Staying safe and being prepared for hazards
Every adventure will have some hazards, so it is best to be prepared and not let such possible dangers stop one from travelling, one might never go anywhere if one thought of all the possible dangers and hazards. Most of the dangers are imagined, so best to put energy into working out how to stay safe, rather than worrying about what could be the worst thing that could happen.
We have always used the internet, touring cyclists blogs, forums and well established message boards (e.g. the Lonely Planet Thorn Tree or Trip Advisor). It is best to read a few and cherry pick the best information. Beware of horror stories from only one unfortunate, unlucky or maybe unwise traveller. We hope that we can add to this body of internet knowledge with our thoughts, ideas and shared experience.
Dogs…. the cyclist’s worst nightmares
Dogs are everywhere and cyclists can be attacked by a dog in any country. We had particular problems with dogs cycling through Romania. However, in some countries there is more risk. You need to be aware if rabies is prevalent in the country you are travelling in. It is always worth checking the UK NHS “Fit for Travel”, for a full list of health issues, including rabies.
Getting a bite in a rabies prevalent country is a more troubling affair than if you are in the UK. If you are going to a country where you may be in a remote place and find it difficult to get to a major centre of population, then this is more difficult. It may be wise to get a rabies vaccine. This is usually available from travel clinics and involves a course of three shots over three weeks, so allow time. Be aware that having a vaccine does not prevent you getting rabies if bitten by an infected animal, it buys you time to get a series of post exposure shots. If you have been inoculated, you need less post exposure shots than someone who has not had pre exposure vaccine.
Our advice about dogs is mainly about prevention.
Staying as calm as possible around dogs is very helpful. Sometimes we chant mantras to help us. It seems to help us remain calm and this does really seem to affect the dogs too.
- If a dog becomes aggressive and starts barking and running at us we tend to slow down. Dogs are incensed by the spin of your bike wheels. On the other hand , if you are able to get up a really good speed (downhill), then you can try and out cycle the running dog.
- Shouting at a dog can work but make sure you have a loud, stong and low voice, not a high pitched scream!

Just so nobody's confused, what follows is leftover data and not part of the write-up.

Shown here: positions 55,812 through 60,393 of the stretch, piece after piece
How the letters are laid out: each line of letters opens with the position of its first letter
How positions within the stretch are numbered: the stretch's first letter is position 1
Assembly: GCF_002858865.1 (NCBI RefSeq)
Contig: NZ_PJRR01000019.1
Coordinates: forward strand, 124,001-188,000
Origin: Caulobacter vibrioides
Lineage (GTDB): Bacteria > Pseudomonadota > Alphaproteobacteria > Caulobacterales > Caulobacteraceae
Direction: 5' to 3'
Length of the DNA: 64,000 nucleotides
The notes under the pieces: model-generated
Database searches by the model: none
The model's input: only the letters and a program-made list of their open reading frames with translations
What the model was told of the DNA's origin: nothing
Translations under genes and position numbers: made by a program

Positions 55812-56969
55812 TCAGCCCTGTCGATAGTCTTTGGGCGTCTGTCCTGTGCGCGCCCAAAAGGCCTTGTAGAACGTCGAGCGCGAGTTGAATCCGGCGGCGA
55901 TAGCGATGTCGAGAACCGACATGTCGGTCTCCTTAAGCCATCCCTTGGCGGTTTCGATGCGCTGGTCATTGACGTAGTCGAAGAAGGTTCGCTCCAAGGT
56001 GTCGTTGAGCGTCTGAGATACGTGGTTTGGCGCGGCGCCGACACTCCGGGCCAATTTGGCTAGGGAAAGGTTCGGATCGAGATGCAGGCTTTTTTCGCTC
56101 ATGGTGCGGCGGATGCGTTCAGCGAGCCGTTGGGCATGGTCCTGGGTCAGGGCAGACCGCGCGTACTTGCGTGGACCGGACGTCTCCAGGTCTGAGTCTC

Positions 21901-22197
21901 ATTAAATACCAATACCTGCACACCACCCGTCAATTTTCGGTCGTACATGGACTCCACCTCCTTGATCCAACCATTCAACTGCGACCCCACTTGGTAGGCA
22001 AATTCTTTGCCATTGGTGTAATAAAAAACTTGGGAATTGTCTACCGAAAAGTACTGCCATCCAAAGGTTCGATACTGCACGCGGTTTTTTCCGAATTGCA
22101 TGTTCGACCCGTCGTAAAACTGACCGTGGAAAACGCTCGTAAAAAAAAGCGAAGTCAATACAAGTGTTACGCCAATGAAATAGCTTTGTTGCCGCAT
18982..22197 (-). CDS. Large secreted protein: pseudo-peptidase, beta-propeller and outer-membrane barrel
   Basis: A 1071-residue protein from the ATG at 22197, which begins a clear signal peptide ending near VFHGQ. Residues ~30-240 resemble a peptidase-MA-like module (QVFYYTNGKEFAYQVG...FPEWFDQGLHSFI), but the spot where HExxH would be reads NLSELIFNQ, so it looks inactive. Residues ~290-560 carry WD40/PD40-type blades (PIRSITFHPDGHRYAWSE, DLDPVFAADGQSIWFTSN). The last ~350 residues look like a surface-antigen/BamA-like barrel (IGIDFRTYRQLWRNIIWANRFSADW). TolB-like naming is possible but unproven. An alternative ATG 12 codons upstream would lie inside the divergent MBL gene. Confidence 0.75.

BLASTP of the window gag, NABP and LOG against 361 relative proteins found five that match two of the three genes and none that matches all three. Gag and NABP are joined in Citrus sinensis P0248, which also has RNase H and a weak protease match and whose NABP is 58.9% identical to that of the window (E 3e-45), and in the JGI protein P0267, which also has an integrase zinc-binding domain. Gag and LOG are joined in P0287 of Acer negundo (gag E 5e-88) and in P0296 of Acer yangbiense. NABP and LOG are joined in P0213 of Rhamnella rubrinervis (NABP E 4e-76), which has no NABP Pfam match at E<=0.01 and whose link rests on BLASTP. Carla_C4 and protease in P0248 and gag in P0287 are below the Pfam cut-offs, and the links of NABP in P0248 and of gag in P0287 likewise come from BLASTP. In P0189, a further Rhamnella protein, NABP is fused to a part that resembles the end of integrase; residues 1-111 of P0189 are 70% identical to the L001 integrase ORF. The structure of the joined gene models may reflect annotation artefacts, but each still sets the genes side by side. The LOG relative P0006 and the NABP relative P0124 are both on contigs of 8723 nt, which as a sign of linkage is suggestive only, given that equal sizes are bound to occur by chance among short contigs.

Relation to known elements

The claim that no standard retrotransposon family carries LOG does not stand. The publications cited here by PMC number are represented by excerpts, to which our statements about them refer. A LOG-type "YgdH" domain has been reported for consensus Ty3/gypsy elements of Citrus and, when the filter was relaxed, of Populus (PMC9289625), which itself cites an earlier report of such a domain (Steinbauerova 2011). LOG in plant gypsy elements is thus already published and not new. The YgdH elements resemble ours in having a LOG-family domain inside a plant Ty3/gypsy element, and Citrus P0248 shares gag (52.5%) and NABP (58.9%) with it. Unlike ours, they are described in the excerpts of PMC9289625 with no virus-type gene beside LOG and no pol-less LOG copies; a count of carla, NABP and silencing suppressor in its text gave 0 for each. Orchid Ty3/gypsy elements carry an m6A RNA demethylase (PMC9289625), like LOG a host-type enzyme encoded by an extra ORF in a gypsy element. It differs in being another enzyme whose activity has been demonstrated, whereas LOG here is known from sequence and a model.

- If slowing down does not stop the attack then we put our bikes together and get between them, using the frames as a barrier between us and the dogs.
- If the dogs ever got more aggressive (jumping at us, to bite us), then we would then use a pepper spray in the eyes of the dog (not your eyes, watch the wind) if necessary. We always carry pepper spray but it is illegal in most countries. We have bought a pepper spray from the USA that the US postal service issues to protect its postmen. We attach it to the handlebars where we can grab it fast, not in the panniers, (you don’t have time to find it). We have actually never had to use it. Sometimes we carry hairspray instead of pepper spray. We have been told that it can work too.
- If you are bitten, scrub the wound with a scrubbing brush and alcohol to get as many of the potential rabies germs out. Get a post exposure course of rabies shots as soon as you can get to a clinic.
- Recently there has been a worldwide shortage of rabies vaccine, making pre exposure shots even more important.
Tim’s personal mantra method, that he learned to use when he lived in rural India, is to do low voice chanting of the Indian Hindu mantra “Shri Ram, Jai Ram, Jai Jai Ram“. If chanted low and with loud authority, this seems to work. Maybe give it a go or find your own method.
Keeping your money safe
Normally we draw money out as and when we need it. For this we carry a card with no foreign cash withdrawal bank charges. We use Starling Bank, which is an excellent “mobile app” based bank.
There are only a few UK banks that offer free foreign cash withdrawals and free use of a Debit Card. So check how much your bank charges (usually a minimum of 2.5%) and if possible get a bank account and Debit Card with no charges.
In Iran we were unable to draw money out of ATMs and had to carry all the cash for the trip with us.
Here are some hints about carrying cash;
- Pack your cash in a number of different places hidden in your panniers (among clothes)
- Carry a money belt
- Consider sewing secret money pockets into your clothes. We did this whilst travelling through Georgia and Armenia, when we had to carry cash for our travels in Iran.
MORE TO COME LATER
- Locking bicycles
- Staying safe on the road, particularly with big lorries & speeding cars